Dua Lipa discusses some of the challenges women face in the music industry in a recent interview.
The British pop star says women are always fighting to prove themselves in the industry. “That’s just being a woman in the industry,” she confirms. “A lot of people see it, particularly in pop music, that you’re manufactured or whatever, so you have this underlying pressure or anxiety to constantly prove yourself to people, especially when you write your own lyrics.”
Dua Lipa said when she was creating her first record in 2017, she experienced that anxiety.
“I felt like I needed to prove to the people I was going in the room with that I could write and that I do this myself and that I am an artist. That I’m not just going to sit there in the room and wait for somebody to write a song for me,” she said.
She says women must work harder to be taken seriously because of this pressure. She says she has stood her ground on numerous music video shoots. “Someone wants to see the UK’s pop-star in a cute outfit, so the music director says to wear a skirt,” Dua Lipa says. “Well, I’m going to wear trousers because it’s freezing. I know how to stand my ground and hold it down.”
Dua Lipa says she doesn’t care if calling out bad attitudes creates “weird energy.” She says if someone is saying something she doesn’t agree with, she’s not afraid of speaking out.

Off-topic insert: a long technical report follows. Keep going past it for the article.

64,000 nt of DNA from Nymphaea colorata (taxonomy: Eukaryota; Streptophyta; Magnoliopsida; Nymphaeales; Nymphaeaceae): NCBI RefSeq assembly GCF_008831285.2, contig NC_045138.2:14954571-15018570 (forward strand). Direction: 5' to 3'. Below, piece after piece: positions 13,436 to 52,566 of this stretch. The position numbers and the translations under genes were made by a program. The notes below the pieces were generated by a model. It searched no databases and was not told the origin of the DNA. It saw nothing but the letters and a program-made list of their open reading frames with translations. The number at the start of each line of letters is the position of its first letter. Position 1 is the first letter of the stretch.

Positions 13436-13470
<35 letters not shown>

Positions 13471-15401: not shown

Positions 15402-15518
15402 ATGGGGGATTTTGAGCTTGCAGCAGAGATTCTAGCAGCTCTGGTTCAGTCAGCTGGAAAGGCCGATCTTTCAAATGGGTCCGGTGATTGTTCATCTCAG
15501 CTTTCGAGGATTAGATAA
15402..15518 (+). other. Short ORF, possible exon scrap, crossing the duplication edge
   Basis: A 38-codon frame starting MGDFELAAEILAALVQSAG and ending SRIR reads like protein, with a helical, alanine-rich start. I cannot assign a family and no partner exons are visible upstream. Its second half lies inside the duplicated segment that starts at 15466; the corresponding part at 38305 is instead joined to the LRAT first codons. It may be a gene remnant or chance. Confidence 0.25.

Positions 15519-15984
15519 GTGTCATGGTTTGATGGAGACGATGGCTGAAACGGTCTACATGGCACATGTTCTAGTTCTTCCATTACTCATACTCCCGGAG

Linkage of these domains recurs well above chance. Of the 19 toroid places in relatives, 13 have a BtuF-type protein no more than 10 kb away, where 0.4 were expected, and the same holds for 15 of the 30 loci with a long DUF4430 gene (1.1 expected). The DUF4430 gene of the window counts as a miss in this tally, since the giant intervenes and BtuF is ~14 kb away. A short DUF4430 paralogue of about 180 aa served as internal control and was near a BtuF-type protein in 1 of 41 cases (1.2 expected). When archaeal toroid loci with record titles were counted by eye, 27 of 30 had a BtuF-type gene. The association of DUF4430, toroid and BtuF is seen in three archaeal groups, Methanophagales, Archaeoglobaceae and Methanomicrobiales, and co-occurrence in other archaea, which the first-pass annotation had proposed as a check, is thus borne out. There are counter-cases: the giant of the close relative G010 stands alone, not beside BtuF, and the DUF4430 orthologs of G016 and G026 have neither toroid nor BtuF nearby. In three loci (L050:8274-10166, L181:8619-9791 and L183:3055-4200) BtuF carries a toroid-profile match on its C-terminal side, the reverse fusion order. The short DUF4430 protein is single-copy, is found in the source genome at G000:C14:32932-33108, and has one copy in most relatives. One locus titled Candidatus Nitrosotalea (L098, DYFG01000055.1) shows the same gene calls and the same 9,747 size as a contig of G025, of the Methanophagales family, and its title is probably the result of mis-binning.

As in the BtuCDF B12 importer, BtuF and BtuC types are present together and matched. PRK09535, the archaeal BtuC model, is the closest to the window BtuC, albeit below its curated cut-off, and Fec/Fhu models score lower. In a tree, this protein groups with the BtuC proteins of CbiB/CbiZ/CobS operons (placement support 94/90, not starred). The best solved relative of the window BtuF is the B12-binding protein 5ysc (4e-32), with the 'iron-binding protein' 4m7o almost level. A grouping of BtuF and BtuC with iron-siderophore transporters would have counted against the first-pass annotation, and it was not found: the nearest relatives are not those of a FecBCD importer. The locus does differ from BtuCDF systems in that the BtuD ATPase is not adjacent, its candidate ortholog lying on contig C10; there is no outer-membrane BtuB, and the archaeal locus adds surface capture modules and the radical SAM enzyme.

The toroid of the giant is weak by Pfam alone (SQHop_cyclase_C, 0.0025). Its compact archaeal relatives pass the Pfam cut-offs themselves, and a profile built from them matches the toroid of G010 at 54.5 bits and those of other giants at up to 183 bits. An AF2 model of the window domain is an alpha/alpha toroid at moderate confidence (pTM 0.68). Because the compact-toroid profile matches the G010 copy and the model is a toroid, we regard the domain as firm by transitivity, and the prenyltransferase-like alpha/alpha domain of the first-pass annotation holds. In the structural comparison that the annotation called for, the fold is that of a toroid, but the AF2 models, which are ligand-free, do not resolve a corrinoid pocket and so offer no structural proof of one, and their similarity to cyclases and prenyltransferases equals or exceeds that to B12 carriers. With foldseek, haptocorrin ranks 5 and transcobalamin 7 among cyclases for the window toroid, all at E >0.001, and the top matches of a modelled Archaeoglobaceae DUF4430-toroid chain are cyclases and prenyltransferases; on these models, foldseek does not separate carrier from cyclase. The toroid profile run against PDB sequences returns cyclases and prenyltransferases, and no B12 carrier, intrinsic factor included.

The sentiment echoed that of Charlotte Church back in 2013. Church entered the music industry as a young teenager. It wasn’t until she matured inside the business that she began speaking out against the injustices she suffered.
“I’d like you to imagine a world in which male musicians are routinely expected to act as submissive sex objects,” Church said. She said the roles for men and women in the music industry are not the same when they should be. “It is a male-dominated industry, with a juvenile perspective on gender and sexuality.”
Church even had a few tropes she considered ‘staples’ of the current state of pop music. They haven’t changed much, either.
Women are allowed to be ‘One of the Girls’ Girls,’ the Victim/Torch Singer, and the Unattainable Sexbot. If you look at modern pop music, you’ll see most singers fit this mold quite well. Curious about those music industry tropes? Check out Church’s original analysis of the problem – from seven years ago.